16th Century British statesman Edmund Burke was purported to have said on the floor of the House of Commons, “there were three Estates … but in the Reporters Gallery yonder, there sat a fourth Estate more important far than they all.” For Burke, the press served as a critical and indispensable check on government. Today, Edmund Burke would likely be disappointed to learn that some in power have taken quite the opposite view, unleashing a full assault on the press, labeling real news as fake and propping up fake news as, well, real. Burke would also be troubled to discover that even beyond an erosion of trust, news outlets are being ravaged by increasingly difficult economics.
While they could always do better, by and large the national media continues to effectively serve as a check on the government on a national level. National news outlets feature significant and, often times, probing, coverage of the presidency and the current presidential campaign. The national umpires of the fourth estate appear to be keeping their eyes on the game, at least for now. But there’s a critical piece missing. The bright lights of national coverage are obscuring an insidious trend at the local level — declining objective local coverage.
If national news is the watchtower, local news serves as the foundation of the fourth estate. Unfortunately, the foundation is eroding and water is finding its way into the cracks. In this case, water represents entities that hold themselves out as objective local news. They are anything but.
These supposedly objective local news sites are popping up all over the country, often anonymous, and in many cases funded by political action committees and other ideological interests. Insidiously, they appear to contain relatively bland straight-forward reporting. They build an audience by pedaling in mundane news generated by algorithms or real authors, but slip in their partisan slant or, more subtly, make editorial choices to eliminate anything resembling a balanced point of view.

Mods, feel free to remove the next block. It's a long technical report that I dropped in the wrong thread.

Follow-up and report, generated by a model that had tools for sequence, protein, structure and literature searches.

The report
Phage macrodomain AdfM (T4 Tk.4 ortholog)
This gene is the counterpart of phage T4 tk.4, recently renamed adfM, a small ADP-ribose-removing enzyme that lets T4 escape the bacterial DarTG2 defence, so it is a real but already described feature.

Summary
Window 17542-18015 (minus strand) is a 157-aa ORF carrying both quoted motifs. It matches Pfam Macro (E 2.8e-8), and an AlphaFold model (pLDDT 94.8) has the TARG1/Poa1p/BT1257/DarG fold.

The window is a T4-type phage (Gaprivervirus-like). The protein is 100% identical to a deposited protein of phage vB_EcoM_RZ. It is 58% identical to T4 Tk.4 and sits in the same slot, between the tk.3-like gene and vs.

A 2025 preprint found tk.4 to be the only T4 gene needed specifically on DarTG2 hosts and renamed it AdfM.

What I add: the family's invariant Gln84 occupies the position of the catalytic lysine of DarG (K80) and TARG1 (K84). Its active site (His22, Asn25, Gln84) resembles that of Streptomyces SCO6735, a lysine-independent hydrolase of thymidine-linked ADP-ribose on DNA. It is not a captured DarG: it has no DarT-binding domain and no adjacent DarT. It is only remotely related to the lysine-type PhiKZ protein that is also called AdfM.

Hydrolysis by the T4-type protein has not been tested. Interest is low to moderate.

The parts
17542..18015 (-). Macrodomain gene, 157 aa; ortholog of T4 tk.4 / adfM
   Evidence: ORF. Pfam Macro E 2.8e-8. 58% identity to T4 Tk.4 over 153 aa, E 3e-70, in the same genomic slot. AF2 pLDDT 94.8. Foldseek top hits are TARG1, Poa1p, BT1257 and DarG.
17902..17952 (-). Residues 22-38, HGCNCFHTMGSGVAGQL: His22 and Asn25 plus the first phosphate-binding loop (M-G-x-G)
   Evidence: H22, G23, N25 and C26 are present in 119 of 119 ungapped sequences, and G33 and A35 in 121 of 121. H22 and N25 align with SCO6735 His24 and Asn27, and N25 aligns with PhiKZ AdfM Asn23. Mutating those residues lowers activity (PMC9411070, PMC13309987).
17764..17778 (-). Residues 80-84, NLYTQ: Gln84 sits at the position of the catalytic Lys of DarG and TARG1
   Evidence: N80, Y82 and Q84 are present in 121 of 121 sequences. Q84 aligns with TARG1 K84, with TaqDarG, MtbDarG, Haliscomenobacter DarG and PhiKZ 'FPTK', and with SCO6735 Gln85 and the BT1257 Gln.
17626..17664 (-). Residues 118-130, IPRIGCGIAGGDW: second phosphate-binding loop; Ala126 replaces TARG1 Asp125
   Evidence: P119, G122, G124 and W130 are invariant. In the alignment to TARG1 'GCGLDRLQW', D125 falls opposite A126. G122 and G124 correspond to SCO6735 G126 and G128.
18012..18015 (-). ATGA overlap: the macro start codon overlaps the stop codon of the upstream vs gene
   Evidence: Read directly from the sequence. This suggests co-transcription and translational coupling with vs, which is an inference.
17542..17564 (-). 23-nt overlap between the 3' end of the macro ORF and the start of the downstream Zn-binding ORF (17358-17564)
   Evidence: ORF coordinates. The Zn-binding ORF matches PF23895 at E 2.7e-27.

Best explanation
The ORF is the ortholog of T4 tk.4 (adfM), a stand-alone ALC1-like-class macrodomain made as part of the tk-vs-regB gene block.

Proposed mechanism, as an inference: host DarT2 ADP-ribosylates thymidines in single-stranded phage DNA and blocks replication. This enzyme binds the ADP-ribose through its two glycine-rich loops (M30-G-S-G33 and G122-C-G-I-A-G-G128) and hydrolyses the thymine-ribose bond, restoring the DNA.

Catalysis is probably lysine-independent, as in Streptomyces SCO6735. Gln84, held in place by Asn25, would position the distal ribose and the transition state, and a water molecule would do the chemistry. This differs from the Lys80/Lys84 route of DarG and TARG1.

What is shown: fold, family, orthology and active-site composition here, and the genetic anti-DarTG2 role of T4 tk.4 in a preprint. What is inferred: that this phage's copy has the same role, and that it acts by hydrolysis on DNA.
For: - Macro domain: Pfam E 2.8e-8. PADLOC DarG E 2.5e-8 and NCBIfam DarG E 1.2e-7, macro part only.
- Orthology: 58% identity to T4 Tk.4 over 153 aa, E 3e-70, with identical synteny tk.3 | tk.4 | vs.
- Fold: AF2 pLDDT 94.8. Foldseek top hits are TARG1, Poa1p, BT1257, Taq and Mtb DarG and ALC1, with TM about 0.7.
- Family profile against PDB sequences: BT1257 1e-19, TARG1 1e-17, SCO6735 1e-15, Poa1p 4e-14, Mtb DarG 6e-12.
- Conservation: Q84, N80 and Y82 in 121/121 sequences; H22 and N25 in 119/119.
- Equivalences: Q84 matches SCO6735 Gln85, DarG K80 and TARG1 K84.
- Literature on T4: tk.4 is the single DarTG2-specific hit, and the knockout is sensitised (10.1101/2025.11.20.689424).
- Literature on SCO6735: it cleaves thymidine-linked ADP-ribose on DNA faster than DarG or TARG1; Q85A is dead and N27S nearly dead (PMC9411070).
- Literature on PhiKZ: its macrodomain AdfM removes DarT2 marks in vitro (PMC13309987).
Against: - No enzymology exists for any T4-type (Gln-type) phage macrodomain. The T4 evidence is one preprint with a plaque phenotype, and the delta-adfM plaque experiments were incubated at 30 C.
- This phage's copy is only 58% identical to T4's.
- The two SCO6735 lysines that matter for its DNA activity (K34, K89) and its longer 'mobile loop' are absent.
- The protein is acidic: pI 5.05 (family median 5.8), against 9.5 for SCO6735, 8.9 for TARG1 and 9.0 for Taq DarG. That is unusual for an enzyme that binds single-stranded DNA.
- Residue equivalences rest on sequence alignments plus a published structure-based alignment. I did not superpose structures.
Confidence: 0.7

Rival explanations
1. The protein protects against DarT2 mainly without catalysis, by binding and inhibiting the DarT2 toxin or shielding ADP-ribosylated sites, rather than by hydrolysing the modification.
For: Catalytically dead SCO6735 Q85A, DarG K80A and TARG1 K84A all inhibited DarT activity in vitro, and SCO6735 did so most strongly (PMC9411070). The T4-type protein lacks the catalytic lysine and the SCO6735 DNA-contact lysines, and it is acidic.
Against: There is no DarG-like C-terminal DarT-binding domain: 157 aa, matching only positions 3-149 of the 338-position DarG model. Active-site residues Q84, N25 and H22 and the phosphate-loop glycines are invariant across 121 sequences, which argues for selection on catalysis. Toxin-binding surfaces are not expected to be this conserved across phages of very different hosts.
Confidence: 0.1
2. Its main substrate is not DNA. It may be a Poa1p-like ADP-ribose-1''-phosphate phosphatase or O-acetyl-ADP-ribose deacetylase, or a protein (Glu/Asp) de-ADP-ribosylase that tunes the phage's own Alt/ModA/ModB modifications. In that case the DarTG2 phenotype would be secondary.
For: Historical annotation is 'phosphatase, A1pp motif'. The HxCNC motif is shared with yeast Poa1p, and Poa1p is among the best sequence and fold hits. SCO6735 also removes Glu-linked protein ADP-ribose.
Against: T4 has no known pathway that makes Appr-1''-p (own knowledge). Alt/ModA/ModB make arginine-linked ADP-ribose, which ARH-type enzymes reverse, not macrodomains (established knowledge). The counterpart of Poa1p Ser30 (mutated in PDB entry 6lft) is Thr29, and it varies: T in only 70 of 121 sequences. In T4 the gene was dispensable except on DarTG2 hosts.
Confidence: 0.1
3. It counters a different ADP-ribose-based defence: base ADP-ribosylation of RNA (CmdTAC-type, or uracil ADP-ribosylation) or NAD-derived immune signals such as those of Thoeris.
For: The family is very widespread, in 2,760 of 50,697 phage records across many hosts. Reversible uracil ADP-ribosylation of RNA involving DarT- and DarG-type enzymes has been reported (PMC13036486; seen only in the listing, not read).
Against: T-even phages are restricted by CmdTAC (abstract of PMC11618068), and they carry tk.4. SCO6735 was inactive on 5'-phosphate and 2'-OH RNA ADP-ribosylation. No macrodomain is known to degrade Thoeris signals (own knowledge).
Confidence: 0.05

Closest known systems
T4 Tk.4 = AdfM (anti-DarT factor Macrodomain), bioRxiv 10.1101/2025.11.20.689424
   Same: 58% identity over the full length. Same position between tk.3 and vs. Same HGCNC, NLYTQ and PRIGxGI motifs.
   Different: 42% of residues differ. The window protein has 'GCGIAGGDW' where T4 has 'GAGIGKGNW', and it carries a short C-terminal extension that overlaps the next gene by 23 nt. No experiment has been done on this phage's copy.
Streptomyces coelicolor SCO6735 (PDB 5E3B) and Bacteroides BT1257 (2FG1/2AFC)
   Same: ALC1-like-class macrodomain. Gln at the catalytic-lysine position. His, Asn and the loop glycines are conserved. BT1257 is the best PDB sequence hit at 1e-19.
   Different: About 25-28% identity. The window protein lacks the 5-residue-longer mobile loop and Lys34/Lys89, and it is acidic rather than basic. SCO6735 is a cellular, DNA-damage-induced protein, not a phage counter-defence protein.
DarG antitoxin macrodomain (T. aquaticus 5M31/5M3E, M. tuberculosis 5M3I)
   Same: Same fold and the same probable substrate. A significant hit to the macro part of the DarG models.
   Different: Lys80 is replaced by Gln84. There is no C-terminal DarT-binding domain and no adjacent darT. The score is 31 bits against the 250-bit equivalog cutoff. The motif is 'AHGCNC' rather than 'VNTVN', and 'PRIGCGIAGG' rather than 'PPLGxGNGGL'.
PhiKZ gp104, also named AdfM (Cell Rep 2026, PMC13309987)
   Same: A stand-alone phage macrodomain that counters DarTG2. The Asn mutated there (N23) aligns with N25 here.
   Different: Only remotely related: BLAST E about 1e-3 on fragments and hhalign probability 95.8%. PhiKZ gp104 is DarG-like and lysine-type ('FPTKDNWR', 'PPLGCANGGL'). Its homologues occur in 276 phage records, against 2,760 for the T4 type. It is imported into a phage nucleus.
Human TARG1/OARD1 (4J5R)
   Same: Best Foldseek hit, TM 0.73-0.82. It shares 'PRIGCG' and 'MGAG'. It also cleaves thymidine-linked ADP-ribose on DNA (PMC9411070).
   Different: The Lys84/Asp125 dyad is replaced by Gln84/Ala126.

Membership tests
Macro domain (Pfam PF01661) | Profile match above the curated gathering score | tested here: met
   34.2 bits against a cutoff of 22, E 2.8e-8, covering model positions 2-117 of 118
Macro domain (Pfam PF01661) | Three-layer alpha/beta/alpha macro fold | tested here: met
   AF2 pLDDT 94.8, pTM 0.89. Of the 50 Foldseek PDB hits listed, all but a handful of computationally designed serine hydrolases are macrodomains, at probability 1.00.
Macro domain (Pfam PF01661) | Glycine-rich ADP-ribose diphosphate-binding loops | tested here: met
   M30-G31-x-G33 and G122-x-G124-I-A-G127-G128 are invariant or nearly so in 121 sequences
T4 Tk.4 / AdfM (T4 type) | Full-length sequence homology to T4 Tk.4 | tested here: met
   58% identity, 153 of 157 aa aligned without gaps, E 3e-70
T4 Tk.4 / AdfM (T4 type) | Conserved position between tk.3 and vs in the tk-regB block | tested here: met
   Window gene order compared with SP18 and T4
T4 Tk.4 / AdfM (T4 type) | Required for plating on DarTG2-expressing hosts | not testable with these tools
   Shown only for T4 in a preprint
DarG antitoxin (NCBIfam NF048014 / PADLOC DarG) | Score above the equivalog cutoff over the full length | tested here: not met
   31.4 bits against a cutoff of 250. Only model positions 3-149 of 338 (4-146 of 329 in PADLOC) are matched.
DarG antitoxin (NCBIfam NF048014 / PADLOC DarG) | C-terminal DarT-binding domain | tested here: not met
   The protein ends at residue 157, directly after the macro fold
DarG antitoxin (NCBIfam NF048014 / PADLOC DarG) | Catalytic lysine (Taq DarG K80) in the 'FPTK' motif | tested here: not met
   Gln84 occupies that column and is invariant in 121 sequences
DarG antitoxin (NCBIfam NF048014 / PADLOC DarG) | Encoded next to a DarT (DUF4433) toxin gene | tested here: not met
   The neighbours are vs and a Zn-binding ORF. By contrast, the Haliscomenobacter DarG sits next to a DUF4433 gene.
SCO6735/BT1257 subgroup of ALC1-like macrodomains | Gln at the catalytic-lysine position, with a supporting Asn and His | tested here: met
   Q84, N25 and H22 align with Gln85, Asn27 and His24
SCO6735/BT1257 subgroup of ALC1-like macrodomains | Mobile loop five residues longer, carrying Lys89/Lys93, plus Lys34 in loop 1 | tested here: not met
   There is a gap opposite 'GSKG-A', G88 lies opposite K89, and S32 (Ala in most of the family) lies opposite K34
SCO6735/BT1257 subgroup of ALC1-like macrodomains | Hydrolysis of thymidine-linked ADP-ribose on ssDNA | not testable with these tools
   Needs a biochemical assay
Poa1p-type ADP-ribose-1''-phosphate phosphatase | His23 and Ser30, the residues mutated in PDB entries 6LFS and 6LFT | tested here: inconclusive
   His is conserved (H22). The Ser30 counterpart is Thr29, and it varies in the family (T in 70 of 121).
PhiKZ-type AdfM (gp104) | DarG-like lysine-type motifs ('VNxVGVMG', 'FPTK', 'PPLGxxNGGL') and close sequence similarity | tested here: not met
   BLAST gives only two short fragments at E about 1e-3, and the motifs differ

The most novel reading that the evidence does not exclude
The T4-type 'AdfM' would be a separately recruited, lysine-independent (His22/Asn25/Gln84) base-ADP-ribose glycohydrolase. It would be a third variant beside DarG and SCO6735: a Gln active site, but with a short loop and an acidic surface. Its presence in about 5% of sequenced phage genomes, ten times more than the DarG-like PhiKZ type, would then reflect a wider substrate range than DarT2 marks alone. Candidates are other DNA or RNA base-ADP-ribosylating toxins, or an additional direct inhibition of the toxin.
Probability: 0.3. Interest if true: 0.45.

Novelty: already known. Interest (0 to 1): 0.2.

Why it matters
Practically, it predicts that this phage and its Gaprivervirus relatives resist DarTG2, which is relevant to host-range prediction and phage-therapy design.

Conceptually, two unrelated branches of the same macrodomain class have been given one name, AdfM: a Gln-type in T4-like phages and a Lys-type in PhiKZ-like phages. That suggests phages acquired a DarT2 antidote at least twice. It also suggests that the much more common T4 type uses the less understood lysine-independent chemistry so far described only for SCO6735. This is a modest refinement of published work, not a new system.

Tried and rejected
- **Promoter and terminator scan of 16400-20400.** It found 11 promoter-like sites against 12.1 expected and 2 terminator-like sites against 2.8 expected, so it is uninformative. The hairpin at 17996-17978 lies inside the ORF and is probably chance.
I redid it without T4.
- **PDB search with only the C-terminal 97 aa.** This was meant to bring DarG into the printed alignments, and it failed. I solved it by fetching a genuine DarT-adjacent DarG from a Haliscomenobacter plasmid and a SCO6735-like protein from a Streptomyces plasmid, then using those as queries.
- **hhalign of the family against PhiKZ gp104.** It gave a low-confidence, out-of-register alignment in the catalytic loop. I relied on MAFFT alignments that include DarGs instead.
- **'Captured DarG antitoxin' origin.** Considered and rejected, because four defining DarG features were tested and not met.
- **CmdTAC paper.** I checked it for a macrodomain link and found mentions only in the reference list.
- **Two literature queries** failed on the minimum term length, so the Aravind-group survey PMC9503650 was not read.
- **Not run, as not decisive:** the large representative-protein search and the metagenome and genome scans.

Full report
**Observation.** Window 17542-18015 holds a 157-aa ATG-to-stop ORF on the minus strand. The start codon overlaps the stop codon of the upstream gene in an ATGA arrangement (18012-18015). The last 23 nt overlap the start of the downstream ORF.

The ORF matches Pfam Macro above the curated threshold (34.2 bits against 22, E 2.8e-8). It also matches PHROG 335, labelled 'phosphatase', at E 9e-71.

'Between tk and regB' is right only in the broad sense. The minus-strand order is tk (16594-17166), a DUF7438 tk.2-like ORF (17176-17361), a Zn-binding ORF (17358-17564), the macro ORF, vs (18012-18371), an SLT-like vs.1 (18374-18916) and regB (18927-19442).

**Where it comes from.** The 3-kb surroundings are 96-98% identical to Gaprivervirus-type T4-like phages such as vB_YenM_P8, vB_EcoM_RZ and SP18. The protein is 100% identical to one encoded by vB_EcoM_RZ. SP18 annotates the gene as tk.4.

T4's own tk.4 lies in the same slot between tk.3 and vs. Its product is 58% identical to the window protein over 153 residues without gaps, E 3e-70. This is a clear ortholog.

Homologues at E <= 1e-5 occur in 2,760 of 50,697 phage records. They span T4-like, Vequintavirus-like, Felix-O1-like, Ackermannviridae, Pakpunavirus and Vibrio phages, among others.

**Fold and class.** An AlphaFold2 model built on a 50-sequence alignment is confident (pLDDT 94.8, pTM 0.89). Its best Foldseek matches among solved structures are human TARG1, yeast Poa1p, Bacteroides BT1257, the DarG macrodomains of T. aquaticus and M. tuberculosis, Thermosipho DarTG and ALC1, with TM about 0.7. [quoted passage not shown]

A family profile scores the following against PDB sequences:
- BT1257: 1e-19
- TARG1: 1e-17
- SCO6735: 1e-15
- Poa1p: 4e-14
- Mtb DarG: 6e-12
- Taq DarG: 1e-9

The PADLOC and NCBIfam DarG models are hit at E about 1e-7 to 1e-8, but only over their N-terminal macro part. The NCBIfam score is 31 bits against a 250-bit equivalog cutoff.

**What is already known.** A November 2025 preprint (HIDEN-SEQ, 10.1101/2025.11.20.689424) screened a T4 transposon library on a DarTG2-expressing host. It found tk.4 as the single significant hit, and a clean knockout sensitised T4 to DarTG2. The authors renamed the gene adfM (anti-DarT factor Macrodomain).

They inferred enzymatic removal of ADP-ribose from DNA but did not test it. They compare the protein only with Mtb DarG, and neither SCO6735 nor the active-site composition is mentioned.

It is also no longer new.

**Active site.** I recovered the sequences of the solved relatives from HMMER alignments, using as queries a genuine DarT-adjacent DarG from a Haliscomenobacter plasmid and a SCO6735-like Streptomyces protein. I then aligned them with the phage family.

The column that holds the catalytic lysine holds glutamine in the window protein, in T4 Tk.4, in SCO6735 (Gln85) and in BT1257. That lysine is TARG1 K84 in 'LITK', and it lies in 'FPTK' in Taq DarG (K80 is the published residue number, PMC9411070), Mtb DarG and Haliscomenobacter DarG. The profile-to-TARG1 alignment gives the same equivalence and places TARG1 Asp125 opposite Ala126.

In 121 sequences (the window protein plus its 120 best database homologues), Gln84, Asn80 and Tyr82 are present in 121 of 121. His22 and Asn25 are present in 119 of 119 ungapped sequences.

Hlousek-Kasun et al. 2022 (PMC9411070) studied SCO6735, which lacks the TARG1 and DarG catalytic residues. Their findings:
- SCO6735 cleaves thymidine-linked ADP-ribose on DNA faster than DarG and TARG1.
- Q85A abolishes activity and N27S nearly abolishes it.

This phenomenon isn’t entirely without historical precedent. There was Hearst and Pulitzer’s yellow journalism that helped lead the United States into the Spanish American War. Technological innovation — the invention of the penny press — aided in the spread of these papers. What is different today, however, is that technology has exponentially accelerated both the amount of information available to us and the pace with which it is delivered. Further, technology has made it easier to seal ourselves into our own ideological bubbles, with very little access to counter-programming.
The reporting contained on these nouveau-yellow “local news” sites has an outsized impact. This is happening because more than 2,000 communities have lost their local newspaper during the last decade while local newspapers still in business are continuing to consolidate under financial pressures. Regional and state newspapers are reducing or eliminating their local news coverage, as well, in many cases because it is too expensive and too time consuming to do it correctly. In New Jersey, for example, the Star Ledger, the state’s flagship newspaper, has made the editorial decision to cut local news coverage to focus more on national news.
There is a strong demand for local news, but the economics of reporting it don’t make sense for many big newspaper chains. At TAPinto, we have more reporters on the ground in New Jersey covering local news than any other outlet. Much of that success has come from developing a high-quality user experience while allowing our local owner/publishers to put more resources into reporting.
Our platform has worked well for legacy local print papers, as well. Instead of reinventing the wheel, we provide an online presence out-of-the-box, enabling hard copy newspapers to develop new, high-quality revenue streams.
The point is, if those with nefarious motives can innovate to fill the void, we should be able to as well. As we approach the presidential election, we will likely see the impact that these bad actors are having on a broad scale. But, I also believe we have a golden age of local news still ahead of us. To get there we need to think differently and move quickly. Our democracy depends on it.